The Gown by Jennifer Robson
This was an interesting historical fiction - indirectly covering the impact of World War II from a very different perspective.  The historical chapters take place in post-War London where Ann Hughes and Miriam Dassin work as embroiderers in a famous London fashion house.  Ann lives with her sister-in-law following the death of her brother in the war.  Miriam is a Jewish immigrant from France who is trying to move on after losing her whole family.  The two women are part of the team that is tasked with making the wedding gown for then Princess Elizabeth.

The modern day chapters take place in Canada and later London, where Ann's granddaughter is left with a box of lace and is trying to piece together the parts of her grandmother's life which she never talked about.

While sometimes there was a bit more detail about wedding gowns than I needed, the relationships between Ann and Miriam, the men they meet as young girls and Ann's granddaughter and those she meets from her grandmother's past are very interesting.

This is an easy read - not stellar but enjoyable enough.

The Lost Girls of Paris by Pam Jenoff
I have read other historical fictions by Jenoff and this one was much the same.  In 1946 Grace Healey wanders into Grand Central Station in New York and finds a suitcase under a bench.  She opens it only to find photographs of several women.  For reasons that are not really well explained though are convenient to the narrative, she takes the photos with her and tries to piece together who they are.

She eventually discovers the suitcase belonged to Eleanor Trigg, the leader of an all female underground spy network based out of London.  So at this point the narrative switches back and forth between Grace's detective work, Eleanor's activities in London and the activities of "her girls" in France during the War.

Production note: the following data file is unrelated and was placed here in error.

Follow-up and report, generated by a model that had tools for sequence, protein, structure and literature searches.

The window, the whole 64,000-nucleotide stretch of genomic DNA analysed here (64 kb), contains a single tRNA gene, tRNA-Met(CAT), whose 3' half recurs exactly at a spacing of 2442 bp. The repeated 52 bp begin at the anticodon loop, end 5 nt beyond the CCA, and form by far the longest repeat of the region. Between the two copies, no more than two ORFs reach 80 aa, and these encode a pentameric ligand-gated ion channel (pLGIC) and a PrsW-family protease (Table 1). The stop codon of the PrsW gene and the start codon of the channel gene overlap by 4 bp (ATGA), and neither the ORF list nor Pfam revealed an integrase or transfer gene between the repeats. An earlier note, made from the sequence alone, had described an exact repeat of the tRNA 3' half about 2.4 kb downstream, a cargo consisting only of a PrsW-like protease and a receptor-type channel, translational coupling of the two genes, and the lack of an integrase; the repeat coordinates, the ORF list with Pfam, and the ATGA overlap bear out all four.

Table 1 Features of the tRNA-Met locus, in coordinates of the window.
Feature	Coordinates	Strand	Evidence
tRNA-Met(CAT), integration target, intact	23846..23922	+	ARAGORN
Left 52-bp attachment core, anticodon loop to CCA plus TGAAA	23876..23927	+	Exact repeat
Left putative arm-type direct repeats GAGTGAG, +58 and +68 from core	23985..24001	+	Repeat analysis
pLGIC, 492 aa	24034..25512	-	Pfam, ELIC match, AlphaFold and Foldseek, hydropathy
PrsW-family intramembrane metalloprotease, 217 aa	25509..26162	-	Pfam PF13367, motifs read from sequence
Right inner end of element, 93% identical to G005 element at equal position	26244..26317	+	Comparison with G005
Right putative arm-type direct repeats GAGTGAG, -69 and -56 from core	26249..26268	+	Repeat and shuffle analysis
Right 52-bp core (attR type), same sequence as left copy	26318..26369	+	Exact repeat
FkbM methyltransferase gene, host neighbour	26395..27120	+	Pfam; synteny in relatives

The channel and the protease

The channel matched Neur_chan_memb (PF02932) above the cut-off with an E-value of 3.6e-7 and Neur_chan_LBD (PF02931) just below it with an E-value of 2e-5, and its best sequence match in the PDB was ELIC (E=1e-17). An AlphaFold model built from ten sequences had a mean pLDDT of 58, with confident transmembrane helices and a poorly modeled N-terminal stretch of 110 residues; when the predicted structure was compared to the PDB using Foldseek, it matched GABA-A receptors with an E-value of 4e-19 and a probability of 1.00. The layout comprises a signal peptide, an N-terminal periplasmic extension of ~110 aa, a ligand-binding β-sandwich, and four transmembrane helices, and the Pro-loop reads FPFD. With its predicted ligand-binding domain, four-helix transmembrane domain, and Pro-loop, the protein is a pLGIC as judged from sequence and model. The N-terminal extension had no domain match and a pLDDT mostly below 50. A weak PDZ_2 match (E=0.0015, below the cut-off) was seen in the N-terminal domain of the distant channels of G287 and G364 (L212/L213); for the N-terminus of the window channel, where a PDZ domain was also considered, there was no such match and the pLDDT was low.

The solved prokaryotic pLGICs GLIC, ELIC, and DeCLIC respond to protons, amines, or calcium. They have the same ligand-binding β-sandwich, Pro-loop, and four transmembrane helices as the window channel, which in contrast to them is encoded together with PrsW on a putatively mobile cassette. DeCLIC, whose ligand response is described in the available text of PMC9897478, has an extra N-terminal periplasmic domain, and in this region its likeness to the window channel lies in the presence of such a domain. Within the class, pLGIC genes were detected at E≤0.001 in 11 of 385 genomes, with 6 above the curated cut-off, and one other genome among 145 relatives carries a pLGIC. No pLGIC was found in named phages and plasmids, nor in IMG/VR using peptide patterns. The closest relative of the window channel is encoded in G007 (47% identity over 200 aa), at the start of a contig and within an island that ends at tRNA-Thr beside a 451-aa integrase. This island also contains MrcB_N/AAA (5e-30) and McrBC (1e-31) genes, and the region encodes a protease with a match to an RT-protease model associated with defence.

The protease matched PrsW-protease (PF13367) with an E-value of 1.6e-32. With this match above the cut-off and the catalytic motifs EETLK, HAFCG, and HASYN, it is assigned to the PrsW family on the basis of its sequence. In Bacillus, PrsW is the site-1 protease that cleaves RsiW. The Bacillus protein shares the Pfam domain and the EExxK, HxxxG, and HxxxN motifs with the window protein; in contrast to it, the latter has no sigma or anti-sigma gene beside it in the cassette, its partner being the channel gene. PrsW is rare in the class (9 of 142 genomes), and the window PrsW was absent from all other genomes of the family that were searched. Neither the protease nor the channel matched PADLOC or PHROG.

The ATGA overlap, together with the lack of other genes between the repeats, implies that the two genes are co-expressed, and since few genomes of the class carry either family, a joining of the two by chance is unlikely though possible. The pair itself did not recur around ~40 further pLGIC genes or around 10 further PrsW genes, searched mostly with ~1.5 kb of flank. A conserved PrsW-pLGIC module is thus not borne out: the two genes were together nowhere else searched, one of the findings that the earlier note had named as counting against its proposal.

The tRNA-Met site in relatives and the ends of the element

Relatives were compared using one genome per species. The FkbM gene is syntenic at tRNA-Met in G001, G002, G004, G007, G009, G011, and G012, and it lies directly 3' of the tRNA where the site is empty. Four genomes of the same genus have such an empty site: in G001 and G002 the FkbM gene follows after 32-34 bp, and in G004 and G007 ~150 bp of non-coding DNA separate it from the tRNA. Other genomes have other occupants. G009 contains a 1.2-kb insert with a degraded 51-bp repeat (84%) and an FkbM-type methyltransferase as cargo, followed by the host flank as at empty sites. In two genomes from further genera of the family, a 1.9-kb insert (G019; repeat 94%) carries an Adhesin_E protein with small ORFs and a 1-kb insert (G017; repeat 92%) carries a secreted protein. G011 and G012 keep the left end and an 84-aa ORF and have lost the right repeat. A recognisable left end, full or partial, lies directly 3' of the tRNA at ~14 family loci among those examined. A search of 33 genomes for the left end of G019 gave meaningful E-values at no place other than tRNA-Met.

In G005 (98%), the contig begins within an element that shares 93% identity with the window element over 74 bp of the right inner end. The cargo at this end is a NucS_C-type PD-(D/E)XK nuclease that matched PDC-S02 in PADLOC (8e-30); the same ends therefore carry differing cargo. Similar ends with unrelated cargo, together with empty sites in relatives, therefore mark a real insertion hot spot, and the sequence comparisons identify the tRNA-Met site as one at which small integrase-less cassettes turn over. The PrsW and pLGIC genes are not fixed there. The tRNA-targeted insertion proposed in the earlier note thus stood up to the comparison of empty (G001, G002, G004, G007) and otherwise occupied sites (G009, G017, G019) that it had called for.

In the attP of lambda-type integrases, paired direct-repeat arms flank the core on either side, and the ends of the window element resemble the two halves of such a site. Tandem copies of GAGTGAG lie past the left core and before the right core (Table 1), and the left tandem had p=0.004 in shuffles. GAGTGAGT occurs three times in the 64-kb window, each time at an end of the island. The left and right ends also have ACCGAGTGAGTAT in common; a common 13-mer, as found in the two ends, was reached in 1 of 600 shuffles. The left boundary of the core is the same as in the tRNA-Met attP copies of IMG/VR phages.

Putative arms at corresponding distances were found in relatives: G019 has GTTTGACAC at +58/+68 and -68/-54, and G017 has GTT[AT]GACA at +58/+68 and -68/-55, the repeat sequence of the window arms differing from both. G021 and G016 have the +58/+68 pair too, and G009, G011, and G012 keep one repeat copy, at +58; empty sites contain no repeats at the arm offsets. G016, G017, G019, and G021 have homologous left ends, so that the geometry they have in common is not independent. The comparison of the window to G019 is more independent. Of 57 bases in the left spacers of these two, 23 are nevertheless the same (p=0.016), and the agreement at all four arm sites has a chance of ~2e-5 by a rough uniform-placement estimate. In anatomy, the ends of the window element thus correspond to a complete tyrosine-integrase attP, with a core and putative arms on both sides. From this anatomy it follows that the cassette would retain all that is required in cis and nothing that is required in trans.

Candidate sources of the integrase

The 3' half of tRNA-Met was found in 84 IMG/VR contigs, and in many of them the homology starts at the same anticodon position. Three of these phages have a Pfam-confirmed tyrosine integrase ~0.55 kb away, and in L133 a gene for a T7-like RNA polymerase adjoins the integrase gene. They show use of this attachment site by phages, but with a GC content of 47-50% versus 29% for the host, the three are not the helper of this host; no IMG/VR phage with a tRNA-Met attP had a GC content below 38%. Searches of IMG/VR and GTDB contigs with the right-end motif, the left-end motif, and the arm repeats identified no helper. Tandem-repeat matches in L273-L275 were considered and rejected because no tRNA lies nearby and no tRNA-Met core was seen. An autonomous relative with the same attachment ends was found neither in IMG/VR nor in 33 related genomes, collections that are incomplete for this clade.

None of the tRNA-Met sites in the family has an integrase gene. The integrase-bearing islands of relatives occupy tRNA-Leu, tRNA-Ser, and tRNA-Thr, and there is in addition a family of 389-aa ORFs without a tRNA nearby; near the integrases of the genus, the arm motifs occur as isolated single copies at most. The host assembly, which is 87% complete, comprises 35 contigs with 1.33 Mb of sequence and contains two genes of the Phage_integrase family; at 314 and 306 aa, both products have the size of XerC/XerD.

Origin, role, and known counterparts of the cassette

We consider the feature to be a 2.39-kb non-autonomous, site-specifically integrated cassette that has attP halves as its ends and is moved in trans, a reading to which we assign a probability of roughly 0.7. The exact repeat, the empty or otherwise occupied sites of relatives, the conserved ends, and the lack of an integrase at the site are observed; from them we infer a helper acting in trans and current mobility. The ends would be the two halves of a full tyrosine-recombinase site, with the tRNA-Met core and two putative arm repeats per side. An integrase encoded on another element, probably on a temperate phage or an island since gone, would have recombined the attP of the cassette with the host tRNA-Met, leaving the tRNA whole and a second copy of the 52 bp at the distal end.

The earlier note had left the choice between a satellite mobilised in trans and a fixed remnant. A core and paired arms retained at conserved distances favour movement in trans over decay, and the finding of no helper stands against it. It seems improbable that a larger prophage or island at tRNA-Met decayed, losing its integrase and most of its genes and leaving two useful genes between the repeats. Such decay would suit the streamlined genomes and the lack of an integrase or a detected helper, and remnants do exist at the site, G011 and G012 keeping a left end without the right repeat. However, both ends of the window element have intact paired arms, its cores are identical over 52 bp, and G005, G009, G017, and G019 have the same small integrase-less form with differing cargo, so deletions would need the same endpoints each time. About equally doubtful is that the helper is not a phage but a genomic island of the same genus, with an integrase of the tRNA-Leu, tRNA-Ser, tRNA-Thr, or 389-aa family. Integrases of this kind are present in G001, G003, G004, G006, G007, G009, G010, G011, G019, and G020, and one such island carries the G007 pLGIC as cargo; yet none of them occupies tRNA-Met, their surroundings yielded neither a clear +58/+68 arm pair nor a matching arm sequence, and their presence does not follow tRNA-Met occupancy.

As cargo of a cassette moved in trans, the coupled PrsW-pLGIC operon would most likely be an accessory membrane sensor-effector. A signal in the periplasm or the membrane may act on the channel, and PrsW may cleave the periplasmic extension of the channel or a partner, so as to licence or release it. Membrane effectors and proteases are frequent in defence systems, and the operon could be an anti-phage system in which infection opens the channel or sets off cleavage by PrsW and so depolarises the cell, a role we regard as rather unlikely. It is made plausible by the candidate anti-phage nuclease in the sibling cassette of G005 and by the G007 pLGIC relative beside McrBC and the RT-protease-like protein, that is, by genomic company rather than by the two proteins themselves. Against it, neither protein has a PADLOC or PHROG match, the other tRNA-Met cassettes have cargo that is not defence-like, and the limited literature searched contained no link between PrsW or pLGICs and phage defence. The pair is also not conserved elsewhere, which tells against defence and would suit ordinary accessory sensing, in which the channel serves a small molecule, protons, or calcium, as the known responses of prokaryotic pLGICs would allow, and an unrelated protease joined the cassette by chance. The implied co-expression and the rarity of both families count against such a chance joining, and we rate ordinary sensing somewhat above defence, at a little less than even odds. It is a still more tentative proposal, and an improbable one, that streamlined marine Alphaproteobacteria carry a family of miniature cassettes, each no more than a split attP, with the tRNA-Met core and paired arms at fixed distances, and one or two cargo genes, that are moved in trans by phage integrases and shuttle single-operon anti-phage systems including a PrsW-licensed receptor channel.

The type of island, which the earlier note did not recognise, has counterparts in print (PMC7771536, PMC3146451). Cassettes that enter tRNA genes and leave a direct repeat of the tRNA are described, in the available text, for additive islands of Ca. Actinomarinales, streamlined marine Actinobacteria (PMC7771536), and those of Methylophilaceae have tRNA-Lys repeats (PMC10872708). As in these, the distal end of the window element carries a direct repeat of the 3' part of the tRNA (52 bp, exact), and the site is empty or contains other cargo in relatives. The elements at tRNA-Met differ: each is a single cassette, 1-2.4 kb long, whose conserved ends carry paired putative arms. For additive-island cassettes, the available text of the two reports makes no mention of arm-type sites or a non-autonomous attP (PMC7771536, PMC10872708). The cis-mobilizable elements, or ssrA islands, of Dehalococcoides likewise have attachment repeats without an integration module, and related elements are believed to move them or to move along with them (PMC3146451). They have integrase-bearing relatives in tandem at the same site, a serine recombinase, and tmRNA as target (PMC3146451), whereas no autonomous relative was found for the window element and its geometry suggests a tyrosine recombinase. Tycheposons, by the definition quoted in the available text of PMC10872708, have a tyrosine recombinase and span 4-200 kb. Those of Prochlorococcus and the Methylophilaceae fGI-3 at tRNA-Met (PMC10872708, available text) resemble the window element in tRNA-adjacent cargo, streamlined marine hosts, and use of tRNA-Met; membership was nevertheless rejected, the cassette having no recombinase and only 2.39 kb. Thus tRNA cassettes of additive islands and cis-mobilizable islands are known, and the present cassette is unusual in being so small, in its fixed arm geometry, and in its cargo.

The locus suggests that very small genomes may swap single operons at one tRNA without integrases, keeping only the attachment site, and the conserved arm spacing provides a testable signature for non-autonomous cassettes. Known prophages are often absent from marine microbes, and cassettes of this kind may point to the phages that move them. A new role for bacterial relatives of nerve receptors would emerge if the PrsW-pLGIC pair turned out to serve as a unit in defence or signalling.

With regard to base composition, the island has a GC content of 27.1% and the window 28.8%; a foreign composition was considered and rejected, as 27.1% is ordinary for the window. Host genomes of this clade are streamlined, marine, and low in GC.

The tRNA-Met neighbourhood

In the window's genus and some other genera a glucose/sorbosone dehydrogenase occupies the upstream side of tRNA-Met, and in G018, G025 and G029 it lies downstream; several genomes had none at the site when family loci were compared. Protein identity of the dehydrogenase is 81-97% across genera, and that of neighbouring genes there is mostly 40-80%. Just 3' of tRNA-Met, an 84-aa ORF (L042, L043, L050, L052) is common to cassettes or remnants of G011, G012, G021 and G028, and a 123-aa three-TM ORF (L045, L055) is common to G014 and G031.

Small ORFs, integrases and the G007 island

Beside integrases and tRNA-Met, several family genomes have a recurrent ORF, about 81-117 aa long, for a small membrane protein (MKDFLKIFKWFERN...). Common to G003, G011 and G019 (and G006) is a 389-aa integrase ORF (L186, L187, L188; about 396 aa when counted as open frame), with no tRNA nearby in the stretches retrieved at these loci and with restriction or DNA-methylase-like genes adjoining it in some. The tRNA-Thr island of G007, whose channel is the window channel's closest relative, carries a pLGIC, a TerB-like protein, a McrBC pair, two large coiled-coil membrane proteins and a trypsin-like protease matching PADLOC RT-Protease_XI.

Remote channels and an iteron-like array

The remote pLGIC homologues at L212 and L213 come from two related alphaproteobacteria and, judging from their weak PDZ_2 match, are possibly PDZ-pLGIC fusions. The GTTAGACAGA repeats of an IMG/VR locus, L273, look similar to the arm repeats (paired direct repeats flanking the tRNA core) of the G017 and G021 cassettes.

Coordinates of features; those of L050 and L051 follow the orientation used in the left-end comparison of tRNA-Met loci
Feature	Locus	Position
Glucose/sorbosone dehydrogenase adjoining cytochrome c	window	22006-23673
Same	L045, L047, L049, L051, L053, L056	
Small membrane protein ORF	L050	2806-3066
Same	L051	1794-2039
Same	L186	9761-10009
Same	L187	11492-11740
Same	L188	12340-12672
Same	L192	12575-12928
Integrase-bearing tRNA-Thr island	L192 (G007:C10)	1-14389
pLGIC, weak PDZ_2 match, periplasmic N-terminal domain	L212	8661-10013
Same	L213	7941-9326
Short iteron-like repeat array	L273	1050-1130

While I found the book easy enough to read, at times I felt the narrative was a bit too contrived - the pieces fit together a little too neatly.  But I did enjoy it - especially if you like World War II historical novels, this could be of interest to you.

Homes by Abu Bakr al Rabeeah and Winnie Yeung
This is the biography of a teenaged refugee to Canada from Syria.  Young was one of his teachers who helped him get the book written and published.  Born in Iraq, Abu Bakr and his large family flee to Syria when war breaks out in Iraq.  They originally settle in Homs where his father builds a successful bakery.  His early time in Syria is a happy childhood surrounded by siblings, cousins and friends.  But it is not long before the violence of Syria's civil war shatters his innocent existence.

Abu Bakr gives an honest account of the emotional and physical toll the war takes on innocent civilians as well as the strain of trying to make a refugee claim.  For such a young person, he effectively tells a story that the world really needs to hear.

At times the author's youth and inexperience was obvious in the writing, but the story is so important, and undoubtedly so representative of what's happening to millions of others, that it's definitely worth the read.

No comments:

Post a Comment